'Trust' irrelevant to young voters They want results, not finger pointing, election advocate says

Campaign 1996

November 04, 1996|By C. Fraser Smith | C. Fraser Smith,SUN STAFF

SALISBURY -- From Don Singleton's class on political communication at Salisbury State University, the making of the president 1996 seems a lamentable thing -- populated by the ethically challenged and reported by the unprincipled to the thoroughly distracted.

Among these younger voters, the suggestion that "trust" might be a crucial issue in this year's campaign is almost laughable.

"Trust is pretty much a dead issue," said Jennifer Young of Hollywood, Md. This is so because "politicians are corrupt."

"Doctors and lawyers are corrupt, too," she told a reporter for The Sun who sat with the class recently to talk about trust and other issues and the personalities of the presidential season.

Perhaps with the exception of MTV, the media aid and abet the persona of politicians, some of these young people said. Its approach to the news is this, one student said: "Get whatever story you can even if you have to make it up or add to it."

A many-faceted force involving outlets as diverse as MTV, the Internet, newspapers, textbooks and late-night talk show comedians, the "media" allow candidates to come across as silly and one-dimensional, said Tricia Sherrer.

"All you know from them is that Dole's a grumpy old man who's got a bad arm and is always talking about it," said Sherrer. "And, Bill Clinton? He cheats on his wife, and he's slick, and he's fat and he's got pasty white thighs. That's all you hear."

These views of the U.S. political process from Salisbury State parallel those found on campuses across the country by MTV and Rock the Vote, an effort to stimulate youthful voting and to invite participation in political life.

"All our qualitative data show young people don't trust anyone, and we've done a ton of research," said Gwen Lipsky, research chief for MTV in New York.

While young voters care a lot about specific issues, they are not at all responsive to "trust" issues, which they regard as largely irrelevant, she said.

Blame the millions of dollars worth of negative campaign advertising on television, she said. It has done more than damage opponents: It has convinced a generation that corruption is as American as apple pie and not the exclusive province of any party or candidate.

"Young people are not unlike the greater electorate in terms of their mistrust," said Jaime Uzeta, a Rock the Vote coordinator based in Los Angeles. "What they want," he said, "is results, not finger pointing."

The younger voters do have one advantage: They sort through the communications chaff better than their parents.

"This generation is so media savvy. These are hyperliterate kids, so they see through a lot of the tricks and strategy of the professional pols," said Lipsky.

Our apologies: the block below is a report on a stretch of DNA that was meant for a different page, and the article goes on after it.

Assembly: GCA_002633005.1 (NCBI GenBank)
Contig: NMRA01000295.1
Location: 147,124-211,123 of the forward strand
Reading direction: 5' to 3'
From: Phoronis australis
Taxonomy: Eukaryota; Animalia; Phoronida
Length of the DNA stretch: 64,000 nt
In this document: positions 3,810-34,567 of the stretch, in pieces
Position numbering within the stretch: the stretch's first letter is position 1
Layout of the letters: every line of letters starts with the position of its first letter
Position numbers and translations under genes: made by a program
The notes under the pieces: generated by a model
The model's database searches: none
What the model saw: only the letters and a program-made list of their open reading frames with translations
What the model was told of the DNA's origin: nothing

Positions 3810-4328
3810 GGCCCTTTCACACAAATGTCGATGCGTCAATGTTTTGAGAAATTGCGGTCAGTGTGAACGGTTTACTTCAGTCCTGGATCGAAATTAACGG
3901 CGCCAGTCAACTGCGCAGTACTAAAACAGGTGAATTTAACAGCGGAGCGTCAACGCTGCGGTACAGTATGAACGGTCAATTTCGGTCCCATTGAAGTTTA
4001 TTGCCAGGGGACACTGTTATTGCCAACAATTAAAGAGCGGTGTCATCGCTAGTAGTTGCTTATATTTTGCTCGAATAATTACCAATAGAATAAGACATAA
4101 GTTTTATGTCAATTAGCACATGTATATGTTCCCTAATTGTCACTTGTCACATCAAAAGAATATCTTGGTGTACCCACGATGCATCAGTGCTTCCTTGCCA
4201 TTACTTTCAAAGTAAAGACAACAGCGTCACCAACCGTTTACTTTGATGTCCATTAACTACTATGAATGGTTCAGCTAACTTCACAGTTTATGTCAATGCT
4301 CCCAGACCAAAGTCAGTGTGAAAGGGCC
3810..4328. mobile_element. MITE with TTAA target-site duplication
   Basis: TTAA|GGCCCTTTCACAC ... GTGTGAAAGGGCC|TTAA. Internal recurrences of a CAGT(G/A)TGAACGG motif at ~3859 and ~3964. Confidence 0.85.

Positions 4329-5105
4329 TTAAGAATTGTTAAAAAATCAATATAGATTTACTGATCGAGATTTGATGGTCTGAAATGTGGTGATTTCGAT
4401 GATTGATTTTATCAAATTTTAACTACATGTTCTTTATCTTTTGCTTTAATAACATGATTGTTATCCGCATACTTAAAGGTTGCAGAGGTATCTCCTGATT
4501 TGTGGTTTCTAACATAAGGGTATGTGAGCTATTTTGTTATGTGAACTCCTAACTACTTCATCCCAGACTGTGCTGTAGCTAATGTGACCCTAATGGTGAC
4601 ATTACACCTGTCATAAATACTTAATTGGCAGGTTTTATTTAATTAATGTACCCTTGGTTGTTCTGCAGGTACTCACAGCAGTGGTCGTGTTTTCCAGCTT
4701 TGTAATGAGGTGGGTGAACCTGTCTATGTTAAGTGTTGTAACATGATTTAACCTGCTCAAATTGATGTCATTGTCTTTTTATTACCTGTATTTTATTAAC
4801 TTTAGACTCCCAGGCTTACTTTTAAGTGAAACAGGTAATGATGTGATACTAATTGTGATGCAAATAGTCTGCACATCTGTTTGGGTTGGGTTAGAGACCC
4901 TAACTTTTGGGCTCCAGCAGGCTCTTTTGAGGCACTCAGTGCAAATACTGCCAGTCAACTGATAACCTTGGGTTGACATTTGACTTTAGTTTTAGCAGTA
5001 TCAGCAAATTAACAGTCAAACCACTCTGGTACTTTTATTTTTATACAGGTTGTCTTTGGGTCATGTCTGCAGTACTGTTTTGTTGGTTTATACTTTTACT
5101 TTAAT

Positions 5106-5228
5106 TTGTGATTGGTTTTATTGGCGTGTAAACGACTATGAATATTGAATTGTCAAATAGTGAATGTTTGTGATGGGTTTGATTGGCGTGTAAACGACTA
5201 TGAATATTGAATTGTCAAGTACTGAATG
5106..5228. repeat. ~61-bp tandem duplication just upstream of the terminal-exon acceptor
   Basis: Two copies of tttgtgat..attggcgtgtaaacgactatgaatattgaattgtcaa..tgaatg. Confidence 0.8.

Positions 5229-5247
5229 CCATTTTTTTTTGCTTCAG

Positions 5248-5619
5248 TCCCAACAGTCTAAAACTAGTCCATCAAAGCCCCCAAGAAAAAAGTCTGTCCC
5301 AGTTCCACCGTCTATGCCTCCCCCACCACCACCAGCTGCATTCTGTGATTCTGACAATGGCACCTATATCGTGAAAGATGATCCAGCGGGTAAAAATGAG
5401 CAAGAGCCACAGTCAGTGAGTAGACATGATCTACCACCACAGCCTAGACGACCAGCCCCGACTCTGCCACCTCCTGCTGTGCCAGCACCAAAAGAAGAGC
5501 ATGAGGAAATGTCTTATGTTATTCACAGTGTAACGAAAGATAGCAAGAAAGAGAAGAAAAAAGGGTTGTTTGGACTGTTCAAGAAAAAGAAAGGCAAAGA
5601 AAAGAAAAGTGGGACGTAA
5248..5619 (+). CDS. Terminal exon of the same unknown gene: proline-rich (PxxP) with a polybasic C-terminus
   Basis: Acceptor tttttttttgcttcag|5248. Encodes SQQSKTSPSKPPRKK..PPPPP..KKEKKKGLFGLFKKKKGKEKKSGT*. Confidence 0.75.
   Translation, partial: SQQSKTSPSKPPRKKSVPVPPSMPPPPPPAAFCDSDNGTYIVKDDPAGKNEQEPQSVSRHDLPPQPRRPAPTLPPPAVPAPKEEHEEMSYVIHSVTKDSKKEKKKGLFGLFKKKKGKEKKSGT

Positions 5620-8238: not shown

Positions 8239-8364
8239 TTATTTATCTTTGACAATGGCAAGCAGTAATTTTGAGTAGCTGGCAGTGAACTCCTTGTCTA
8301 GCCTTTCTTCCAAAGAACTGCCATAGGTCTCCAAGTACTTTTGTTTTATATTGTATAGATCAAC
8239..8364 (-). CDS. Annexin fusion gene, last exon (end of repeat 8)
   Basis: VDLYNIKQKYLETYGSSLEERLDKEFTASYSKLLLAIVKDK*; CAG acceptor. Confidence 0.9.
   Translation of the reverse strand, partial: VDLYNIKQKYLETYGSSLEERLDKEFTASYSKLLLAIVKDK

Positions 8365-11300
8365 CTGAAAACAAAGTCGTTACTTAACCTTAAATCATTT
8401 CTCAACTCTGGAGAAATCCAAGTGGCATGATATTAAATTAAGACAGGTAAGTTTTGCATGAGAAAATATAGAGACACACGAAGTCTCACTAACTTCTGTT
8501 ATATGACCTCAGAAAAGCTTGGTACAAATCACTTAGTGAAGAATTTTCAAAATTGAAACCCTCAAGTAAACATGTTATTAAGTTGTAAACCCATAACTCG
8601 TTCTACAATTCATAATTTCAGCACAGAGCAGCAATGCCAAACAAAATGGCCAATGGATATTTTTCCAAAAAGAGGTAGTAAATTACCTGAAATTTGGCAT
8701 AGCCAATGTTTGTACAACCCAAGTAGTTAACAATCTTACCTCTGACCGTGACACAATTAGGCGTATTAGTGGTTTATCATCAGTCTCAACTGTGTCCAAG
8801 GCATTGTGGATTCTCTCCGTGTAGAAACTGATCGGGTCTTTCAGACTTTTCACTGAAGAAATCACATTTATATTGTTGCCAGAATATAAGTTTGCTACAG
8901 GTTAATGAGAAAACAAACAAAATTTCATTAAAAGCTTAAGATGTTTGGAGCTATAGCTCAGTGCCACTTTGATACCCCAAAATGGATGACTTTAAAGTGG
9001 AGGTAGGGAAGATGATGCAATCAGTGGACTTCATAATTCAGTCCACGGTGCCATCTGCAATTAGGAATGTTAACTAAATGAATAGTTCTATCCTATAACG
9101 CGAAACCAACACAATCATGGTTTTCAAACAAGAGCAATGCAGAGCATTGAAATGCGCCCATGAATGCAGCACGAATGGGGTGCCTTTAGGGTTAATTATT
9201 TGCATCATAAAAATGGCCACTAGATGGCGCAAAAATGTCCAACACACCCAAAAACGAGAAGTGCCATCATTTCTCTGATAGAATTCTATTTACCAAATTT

Whitewater inquiries

In the class taught by Singleton and co-teacher Janet Horne, for example, Dave Cook of Crofton found a certain transparency in the Whitewater inquiries.

"I thought this time they were really going to go after Clinton," he said, "really get some dirt on him. But it just seems too perfectly timed. It's so political; come Election Day, the whole thing will disappear."

This sort of manipulation, suggested Ian Webster of Baltimore, is what Americans get from what he calls "the SS units of political campaigns" -- unseen operatives who manipulate "demigod" candidates and "blanket TV with their doctrine."

"People buy it," he reckoned.

MTV's surveys, Lipsky said, show that younger voters want to push past the questions of trust because they think no candidate and no party has a greater claim to virtue than another. What they want to know is who will make more money available for student loans, who might help them escape the mountain of debt many will face upon graduation. They are aware, moreover, that they will be asked to handle the debts of Medicare and Social Security as well, she said.

Missed opportunity

Given the galvanizing possibilities, the major-party candidates missed an opportunity to stimulate more active participation by young people: Dole because he seemed culturally out of touch and Clinton, perhaps, because he wanted to seem more presidential than when he wore star-shaped shades four years ago and played the saxophone on the "Arsenio Hall Show."

So, if trust is the issue, it should be redefined, this class seemed to suggest: Can you trust someone who knows as much as Clinton does, who has mastered his lines so well they don't seem like lines?

The charges against Clinton don't work for Sherrer.

"There is something redeeming about him," she said. "In the debate, he was very smooth in answering questions, but I don't think that makes him slick necessarily. I think it makes him skilled."


Still, Lauren Pilzer of Bowie found a dissonance between the party she favors and its candidate.

"I agree a lot more with the Democratic agenda, but there is something about Bill Clinton that I cannot trust. That slickness, that actor-like quality. It bothers me enough to not vote for him, but I'm still undecided."

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